VILLAFRANCA DE CÓRDOBA
by Saskia Mier
Villafranca de Córdoba has an unusual festival called the Gran Huevada, celebrated on the 14 May, during which thousands of eggs are fried and shared among the community. The town has around 4800 inhabitants.
Archaeological remains have been found in the area dating to prehistoric times, as well as evidence of Roman presence in the form of Sacilis (or Cecilia). There is even a supposed section of the Via Augusta in the vicinity.
However, the current Villafranca de Córdoba finds its origins in the small village of El Cascajar, a name deriving from the detritic deposits left in the area by the Guadalquivir River. In 1358, Martín López de Córdoba, Mayor of Córdoba, and Pedro I of Castille bought the depopulated village from the Church. In 1359, the town was granted a formal title in order to constitute a population. After the death of Señor de Villafranca, it became directly dependent on the Crown, closely related to the Order of Calatrava.
In 1549, Doña Catalina Fernández de Córdoba, Marquesa de Priego and Señora de la Casa de Aguilar bought Villafranca. During this time the town flourished, and an economy developed; this was based principally on agricultural activity, although the production of needles meant that a manufacturing industry also grew., so much so that the town was then named Villafranca de las Agujas ("of the needles").
On September 18, 1938, bloody battles broke out between Republican and National forces in the Civil War, affecting even rural towns like Villafranca.
THINGS TO SEE
Parroquia de Santa Marina de Aguas Santas
This church dates to the seventeenth century, although its current appearance is due to extensive restorations carried out in the eighteenth century. The roof, featuring an arched vault, is decorated with elaborate plasterwork, decoration which is echoed in the Rosario Chapel. The main altar originally came from the Church of San Francisco y San Eulogio de Córdoba. The exterior bell tower is also a highlight. The church is located on Calle Alcolea.
Ermita de San Miguel
This chapel and tower occupy the remains of the primitive parish of Santa Marina, dateable to the late fourteenth century. There are also architectural features from the seventeenth and eighteenth centuries. The chapel can be found on Calle Barroso.
Torre de Reloj
This Baroque tower once belonged to the Town Hall, and was built in the sixteenth century then restored during the eighteenth. The bell tower has half point arches. Located on Calle on Calle Alcolea.
This arch, built in the eighteenth century (1729), is an important remnant of the town's pósito (grain store). In 1731, the tradition of placing oil lamps for San José arose. This image became a definitive part of the arch in 1747. The arch connects Calle Carnicería with Calle Alcolea.
Antigua Mayordomía de los Duques de Medinaceli
This is an eighteenth-century manor house, belonging to the Dukes of Medinaceli. It stands out for the bold yellow and maroon of its façade, and can easily be spotted on Calle Alcolea.
Casa de los Benavente
This building is a former seventeenth-century butcher shop, commissioned by Francisco Javier de Exea. Today only the original façade remains, and it is used as the municipal library. It is located on Calle Alcolea.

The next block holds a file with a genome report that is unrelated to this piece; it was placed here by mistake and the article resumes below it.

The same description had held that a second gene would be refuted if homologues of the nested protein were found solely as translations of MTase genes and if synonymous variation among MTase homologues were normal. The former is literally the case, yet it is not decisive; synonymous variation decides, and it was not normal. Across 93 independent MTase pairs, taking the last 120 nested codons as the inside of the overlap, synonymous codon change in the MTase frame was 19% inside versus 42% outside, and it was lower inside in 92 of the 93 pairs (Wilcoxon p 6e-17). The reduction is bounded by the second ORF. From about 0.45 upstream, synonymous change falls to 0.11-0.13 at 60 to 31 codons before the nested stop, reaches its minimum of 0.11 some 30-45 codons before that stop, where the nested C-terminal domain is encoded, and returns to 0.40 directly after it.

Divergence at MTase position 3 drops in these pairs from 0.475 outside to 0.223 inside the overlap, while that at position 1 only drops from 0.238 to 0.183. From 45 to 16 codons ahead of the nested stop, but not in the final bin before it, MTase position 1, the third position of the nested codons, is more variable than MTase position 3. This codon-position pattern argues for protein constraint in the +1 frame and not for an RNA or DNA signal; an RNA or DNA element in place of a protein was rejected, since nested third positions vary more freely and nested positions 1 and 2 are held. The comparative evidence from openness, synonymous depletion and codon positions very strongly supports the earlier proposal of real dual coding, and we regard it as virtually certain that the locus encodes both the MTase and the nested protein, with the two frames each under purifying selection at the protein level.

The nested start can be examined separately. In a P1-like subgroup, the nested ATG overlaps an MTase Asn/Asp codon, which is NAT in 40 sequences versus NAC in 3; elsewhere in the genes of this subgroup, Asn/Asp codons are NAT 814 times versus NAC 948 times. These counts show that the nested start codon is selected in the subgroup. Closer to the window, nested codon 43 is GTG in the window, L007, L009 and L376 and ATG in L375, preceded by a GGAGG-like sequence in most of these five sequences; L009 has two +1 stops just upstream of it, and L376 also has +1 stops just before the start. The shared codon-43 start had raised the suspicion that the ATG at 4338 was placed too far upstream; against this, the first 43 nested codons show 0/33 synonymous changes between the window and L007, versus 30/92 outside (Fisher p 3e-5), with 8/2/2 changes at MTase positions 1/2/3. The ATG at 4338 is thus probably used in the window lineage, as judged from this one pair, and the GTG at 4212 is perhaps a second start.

Ermita de Nuestra Señora de las Angustias
This Baroque chapel dates to the eighteenth century, but is currently used as a warehouse. Located on Calle las Angustias.
THINGS TO SEE OUTSIDE THE VILLAGE
Ermita de la Virgen de los Remedios
This chapel's construction began in 1701, funded by the donations of neighbours, although it was not finished until 1731. In addition to the image of the Virgin, carved by Juan Martínez Cerrillo in the 1940s, the chapel is home to the Via Crucis Mariano, made of tiles in the ceramics workshop of Santa Ana de Sevilla. The original image of the Virgin that was worshipped in the hermitage disappeared during the Civil War. The chapel is situated south west of the village, off the CO-3103.
Puente de Hierro
This metal bridge over the Guadalquivir River was built in the twentieth century, and is currently in disuse. It can be found south of Villafranca, off the A-421.
Traditional local handicrafts include ceramics, ironwork and wood; the production of furniture forms a central part of the local economy.
Villafranca's beautiful surroundings of hills, pine forests and streams offer ample opportunities for outdoor activities, including bird-watching, rock climbing, hiking, and canoeing on the Guadalquivir River. Parque Acuatico de Aquasierra is a waterpark which is ideal for children in the summer. For those keen on walking, the local water route, Ruta del Agua, is worth exploring.
Try traditional dishes such as cocido (chickpea stew), salmorejo de pan vaquero (chilled tomato soup), gazpacho de ajo (garlic soup), guiso de pies de cerdo (pig trotter stew), embutidos caseros (homemade cold cuts), conejo al ajillo (garlic rabbit), cochifrito (suckling pig), migas con chorizo (fried breadcrumbs with chorizo), berenjenas rellenas (stuffed aubergines), perolillas camperas (stew) and flamenquines (meat roll filled with ham and cheese). Sweet treats include roscos de San Antonio (lard cakes), pestiños (honey pastries), natillas (egg custards), flanes (baked egg custard) and pudding de café (coffee pudding).
Cabalgata Reyes Magos
Three Kings procession celebrated on the evening of 5 January.
Día de la Candelaría
Celebrated the 2 February.
Día de Andalucía
Celebrated the 28 February.
Celebrated in February.
Holy Week (dates vary each year).
La Gran Huevada
Celebrated the evening of the 14 May.
Fiesta de San Isidro Labrador
Celebrated the 15 May.
Feria y Fiestas en Honor a Santiago Apóstol y Santa Ana
Celebrated the 25-28 July.
Fiesta de la Virgen de los Remedios
Celebrated the 8-10 September.